UK�s Horticultural Research Farm runs a CSA from its organic acres; the customers are members of the university community. Williams says, �As the CSA goes on, we have people come up to us and say �I�ve actually changed the way I eat as a result of being in the CSA, and I want to tell you, I�ve never felt better,� or �I�ve lost 10 pounds,� or �I�ve changed the way I think about buying other things and eating in general, because I cook different than I used to.�

�Food is a great teaching tool. If we can get people to think about what�s on their fork, or on their plate, then all of a sudden people can put into practice their belief system. And there are very few things you do on a daily basis that allow you to put into practice what you believe in.�



JACKSON COUNTY FARMERS’ KITCHEN

In addition to working on her farm, Beth Tillery is part of a group called Appalachian Alternative Agriculture of Jackson County (3AJC) that�s come together to create a commercial kitchen in the town of Annville, near McKee.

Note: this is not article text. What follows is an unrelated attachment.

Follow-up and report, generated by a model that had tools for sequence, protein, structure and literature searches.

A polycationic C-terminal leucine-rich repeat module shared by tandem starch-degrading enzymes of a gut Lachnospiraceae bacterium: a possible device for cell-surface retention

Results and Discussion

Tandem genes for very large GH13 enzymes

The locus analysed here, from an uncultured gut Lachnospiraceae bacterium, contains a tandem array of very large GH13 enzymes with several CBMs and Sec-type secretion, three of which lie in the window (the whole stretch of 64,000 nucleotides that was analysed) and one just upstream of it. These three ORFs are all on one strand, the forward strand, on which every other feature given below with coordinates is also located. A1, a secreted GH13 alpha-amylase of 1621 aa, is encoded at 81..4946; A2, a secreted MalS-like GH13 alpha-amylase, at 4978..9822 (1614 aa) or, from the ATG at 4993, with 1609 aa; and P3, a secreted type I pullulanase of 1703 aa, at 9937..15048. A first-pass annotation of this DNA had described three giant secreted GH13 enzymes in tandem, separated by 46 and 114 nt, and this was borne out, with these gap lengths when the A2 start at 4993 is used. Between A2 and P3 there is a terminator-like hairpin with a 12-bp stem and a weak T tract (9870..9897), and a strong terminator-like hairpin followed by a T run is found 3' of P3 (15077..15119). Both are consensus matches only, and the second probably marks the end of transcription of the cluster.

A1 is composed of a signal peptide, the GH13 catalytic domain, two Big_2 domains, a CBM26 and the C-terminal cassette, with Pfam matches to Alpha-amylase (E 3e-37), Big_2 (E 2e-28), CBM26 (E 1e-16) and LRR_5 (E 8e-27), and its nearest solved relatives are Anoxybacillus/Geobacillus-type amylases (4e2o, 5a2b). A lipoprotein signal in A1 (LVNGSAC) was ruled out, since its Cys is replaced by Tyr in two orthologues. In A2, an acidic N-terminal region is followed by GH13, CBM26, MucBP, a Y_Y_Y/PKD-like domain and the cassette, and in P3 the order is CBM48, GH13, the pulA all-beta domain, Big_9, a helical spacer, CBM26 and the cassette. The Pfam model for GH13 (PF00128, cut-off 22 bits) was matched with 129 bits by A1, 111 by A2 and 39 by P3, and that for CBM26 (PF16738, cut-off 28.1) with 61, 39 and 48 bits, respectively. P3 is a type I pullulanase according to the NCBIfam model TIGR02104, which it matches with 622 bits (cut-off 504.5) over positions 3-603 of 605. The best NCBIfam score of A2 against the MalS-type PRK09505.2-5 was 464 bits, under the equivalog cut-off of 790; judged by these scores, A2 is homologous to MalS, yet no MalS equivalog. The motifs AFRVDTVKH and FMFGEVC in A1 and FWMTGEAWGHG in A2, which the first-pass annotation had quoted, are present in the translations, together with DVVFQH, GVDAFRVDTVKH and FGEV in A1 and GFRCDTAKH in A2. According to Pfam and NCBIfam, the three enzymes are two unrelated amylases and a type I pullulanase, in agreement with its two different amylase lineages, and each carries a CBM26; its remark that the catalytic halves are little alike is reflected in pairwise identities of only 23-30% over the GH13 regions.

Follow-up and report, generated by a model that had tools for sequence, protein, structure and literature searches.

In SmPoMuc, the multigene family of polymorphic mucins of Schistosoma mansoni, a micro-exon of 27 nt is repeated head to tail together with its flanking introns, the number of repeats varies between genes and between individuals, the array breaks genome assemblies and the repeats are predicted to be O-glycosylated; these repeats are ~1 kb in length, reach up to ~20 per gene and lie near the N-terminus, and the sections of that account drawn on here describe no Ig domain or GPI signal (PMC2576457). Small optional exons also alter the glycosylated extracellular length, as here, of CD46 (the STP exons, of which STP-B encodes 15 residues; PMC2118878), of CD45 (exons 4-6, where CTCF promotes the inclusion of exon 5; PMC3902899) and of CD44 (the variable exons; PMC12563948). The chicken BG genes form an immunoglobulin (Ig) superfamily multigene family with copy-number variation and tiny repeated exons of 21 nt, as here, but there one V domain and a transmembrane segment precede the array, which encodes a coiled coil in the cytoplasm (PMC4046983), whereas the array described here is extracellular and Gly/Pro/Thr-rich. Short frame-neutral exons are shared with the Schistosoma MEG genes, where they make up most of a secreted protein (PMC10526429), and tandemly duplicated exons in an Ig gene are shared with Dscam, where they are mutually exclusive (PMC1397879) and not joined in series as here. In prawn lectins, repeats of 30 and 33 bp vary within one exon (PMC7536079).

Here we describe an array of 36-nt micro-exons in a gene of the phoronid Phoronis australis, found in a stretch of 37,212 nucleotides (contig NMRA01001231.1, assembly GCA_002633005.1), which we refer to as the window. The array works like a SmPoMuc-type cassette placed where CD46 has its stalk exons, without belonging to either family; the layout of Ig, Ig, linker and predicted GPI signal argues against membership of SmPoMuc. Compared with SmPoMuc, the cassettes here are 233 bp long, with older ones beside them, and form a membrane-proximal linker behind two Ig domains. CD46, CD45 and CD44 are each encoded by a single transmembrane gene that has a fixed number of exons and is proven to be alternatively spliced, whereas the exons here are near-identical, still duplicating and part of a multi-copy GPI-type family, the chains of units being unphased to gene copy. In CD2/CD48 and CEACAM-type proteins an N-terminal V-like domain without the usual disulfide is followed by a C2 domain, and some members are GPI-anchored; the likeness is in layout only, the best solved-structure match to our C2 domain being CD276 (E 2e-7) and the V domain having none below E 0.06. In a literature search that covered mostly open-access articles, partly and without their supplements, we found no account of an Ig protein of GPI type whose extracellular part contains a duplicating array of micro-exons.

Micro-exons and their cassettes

The project uses funds from Jackson, Clay, and Laurel counties� portion of the tobacco settlement (as well as money from the state�s portion of the tobacco settlement), a grant through the federal empowerment zone program, and a grant from the Peoples Rural Telephone Cooperative; it�s on land donated by East Kentucky Power Cooperative.

The kitchen will be a place for farmers to do what�s called �value-adding,� such as baking, canning, and cutting cabbage into cole slaw.

There�s also a pad for a farmers� market and a docking station for a mobile poultry processing unit (previously, Tillery would have had to drive her chickens to Kentucky State University to use the facility). The operation is state inspected, which allows her to sell her poultry anywhere in the state.